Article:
In another aspect the invention provides a system for remotely monitoring motor vehicle performance including a system bus resident on the motor vehicle for communicating with a plurality of motor vehicle systems, a remote reader for generating host requests for extracting data from one or more motor vehicle systems and an electronic tag coupled to the system bus. The electronic tag includes a transceiver for transmitting data to and receiving data from the remote reader, a memory for storing bus requests and bus response data, a decoder for decoding requests from the remote reader and a bus interface for reading data from and writing data to the system bus. The bus interface may extract responses from the system bus responsive to requests from the remote reader. The responses may be stored in the memory. A controller is included to write requests from the remote reader to transfer data to the bus interface and respond to read requests from the remote reader to transfer data stored in memory back to the remote reader. A filter including filter database is included for screening information received from the bus.
The accompanying drawings, which are incorporated in and constitute a part of the specification, schematically illustrate a preferred embodiment of the invention and, together with the general description given above and the detailed description of the preferred embodiment given below, serve to explain the principles of the invention.
FIG. 1 is an electronic tag reader system according to the present invention.
FIG. 2 is a schematic diagram of a electronic tag according to the present invention.
FIG. 3a is a schematic state diagram for the electronic tag according to the present invention.
FIG. 3b is a schematic state diagram for an RF state machine according to the present invention.
FIG. 3c is a schematic state diagram of a J-bus monitor state machine according to the present invention.
FIG. 4 shows message flow between a host and a device coupled on the J-bus according to the present invention.
Referring to FIGS. 1 and 2, an electronic tag system 40 for remotely monitoring motor vehicle performance data includes a reader generally indicated at 14. Reader 14 includes a source 9 for generating interrogating radio frequency (RF) signals which are in turn coupled to a transceiver 10. The interrogating RF signals from source 9 may have a suitable frequency such as 915 MHZ. When source 9 is energized, transceiver 10 transmits the interrogating RF signal through antenna 12 to a suitable receiving antenna 16 (such as a di-pole antenna) at an electronic tag (transponder) 18.
Transponder 18 is associated with an object (motor vehicle 19) and is used to identify and retrieve data from that object. Transponder 18 includes encoding and decoding circuitry 20 and a data source 22. Data source 22 may include a read only memory (ROM) 21, which provides sequences of binary 1's and binary 0's in an individual pattern to identify parameters associated with the object. Data source 22 may include a page memory 23. Page memory 23 may be partitioned and include a receive buffer 52, a transmit buffer 54 and pages 56. Receive buffer 52 may be used to store messages received from the J-bus prior to final storage in pages 56. Transmit buffer 54 may be used to temporarily store messages received from host 30 for transfer to the J-bus. Page memory 23 may be used to store motor vehicle performance data retrieved through J-bus interface 25 and also motor vehicle data requests received from host 30.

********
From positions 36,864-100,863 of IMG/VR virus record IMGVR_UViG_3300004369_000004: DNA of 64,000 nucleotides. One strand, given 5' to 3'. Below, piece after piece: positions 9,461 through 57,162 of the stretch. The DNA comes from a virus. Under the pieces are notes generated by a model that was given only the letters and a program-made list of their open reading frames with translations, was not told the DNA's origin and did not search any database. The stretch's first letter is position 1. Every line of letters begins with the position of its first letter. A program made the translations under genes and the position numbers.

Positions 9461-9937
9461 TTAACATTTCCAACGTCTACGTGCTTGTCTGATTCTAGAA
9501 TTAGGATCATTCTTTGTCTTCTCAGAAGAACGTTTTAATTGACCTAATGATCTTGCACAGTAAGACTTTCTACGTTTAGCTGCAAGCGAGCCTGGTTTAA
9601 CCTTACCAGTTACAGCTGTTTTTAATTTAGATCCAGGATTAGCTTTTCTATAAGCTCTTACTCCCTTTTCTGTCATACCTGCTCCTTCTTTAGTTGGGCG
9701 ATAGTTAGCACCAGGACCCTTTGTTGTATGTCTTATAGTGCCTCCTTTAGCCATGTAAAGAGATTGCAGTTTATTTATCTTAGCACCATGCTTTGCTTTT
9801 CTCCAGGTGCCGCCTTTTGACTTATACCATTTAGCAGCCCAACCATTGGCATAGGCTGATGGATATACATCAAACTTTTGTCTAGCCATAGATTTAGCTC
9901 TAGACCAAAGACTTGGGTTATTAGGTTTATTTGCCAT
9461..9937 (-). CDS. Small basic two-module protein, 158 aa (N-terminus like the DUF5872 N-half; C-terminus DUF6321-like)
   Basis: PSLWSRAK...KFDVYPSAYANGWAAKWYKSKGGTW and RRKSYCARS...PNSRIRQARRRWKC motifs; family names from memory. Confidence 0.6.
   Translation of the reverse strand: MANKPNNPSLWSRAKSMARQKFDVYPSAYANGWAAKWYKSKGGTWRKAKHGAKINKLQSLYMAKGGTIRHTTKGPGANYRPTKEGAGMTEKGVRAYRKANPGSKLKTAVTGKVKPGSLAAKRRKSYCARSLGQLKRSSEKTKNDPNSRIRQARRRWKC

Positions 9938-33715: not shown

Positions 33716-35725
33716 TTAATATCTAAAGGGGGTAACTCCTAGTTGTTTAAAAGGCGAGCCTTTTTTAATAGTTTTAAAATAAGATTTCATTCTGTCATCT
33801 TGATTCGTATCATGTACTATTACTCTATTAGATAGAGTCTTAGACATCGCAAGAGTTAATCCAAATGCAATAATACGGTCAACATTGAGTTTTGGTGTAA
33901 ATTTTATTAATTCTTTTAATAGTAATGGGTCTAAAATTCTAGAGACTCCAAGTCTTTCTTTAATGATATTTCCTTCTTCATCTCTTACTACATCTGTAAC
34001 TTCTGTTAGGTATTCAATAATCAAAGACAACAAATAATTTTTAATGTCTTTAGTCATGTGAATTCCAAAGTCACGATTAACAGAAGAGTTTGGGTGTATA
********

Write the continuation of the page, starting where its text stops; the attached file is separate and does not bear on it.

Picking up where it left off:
Encoding and decoding circuitry 20 may be of the form of an application specific integrated circuit (ASIC) and includes an encoder 44, decoder 46 and CRC circuitry 48. Encoder 44 encodes data stored in data source 22 for transfer out to reader system 14. Decoder 46 decodes messages received from reader system 14. CRC circuitry 48 checks error correction codes received with incoming messages to insure the integrity of data transmissions from the reader system, and also generates error correction codes for transfer out with messages generated by the transponder for transfer to the reader system. In one embodiment, the ASIC includes a dual ported RAM. The dual ported RAM may operate in place of page memory 23 to store data for transfer to and from motor vehicle 19.
Information stored within data source 22 may be encoded by encoder 44 resulting in a plurality of signal cycles sequentially produced to represent the pattern of information stored in data source 22. The encoding may be of the form of a frequency shift keyed (FSK) code. A binary "1" in the sequence output by encoder 44 causes modulator 50 to produce a first plurality of signal cycles and a binary "0" causes the modulator to produce a second plurality of signal cycles different from the first plurality of signals. Such an encoding scheme is disclosed in U.S. Pat. No. 4,739,328 issued on Apr. 19, 1988 to Alfred R. Koelle and Jeremy A. Landt, assigned to the assignee of record of this invention, and which is expressly incorporated herein by reference. The pluralities of signal cycles, sequentially produced by the modulator to represent the pattern of binary 1's and binary 0's identifying the object, are introduced to the dipole antenna 16 for transmission to antenna 13 at reader 14. Modulator 50 may be a backscatter modulator. The backscatter modulator receives an interrogation signal generated by reader 14 and provides a modulated reflected signal back to the reader.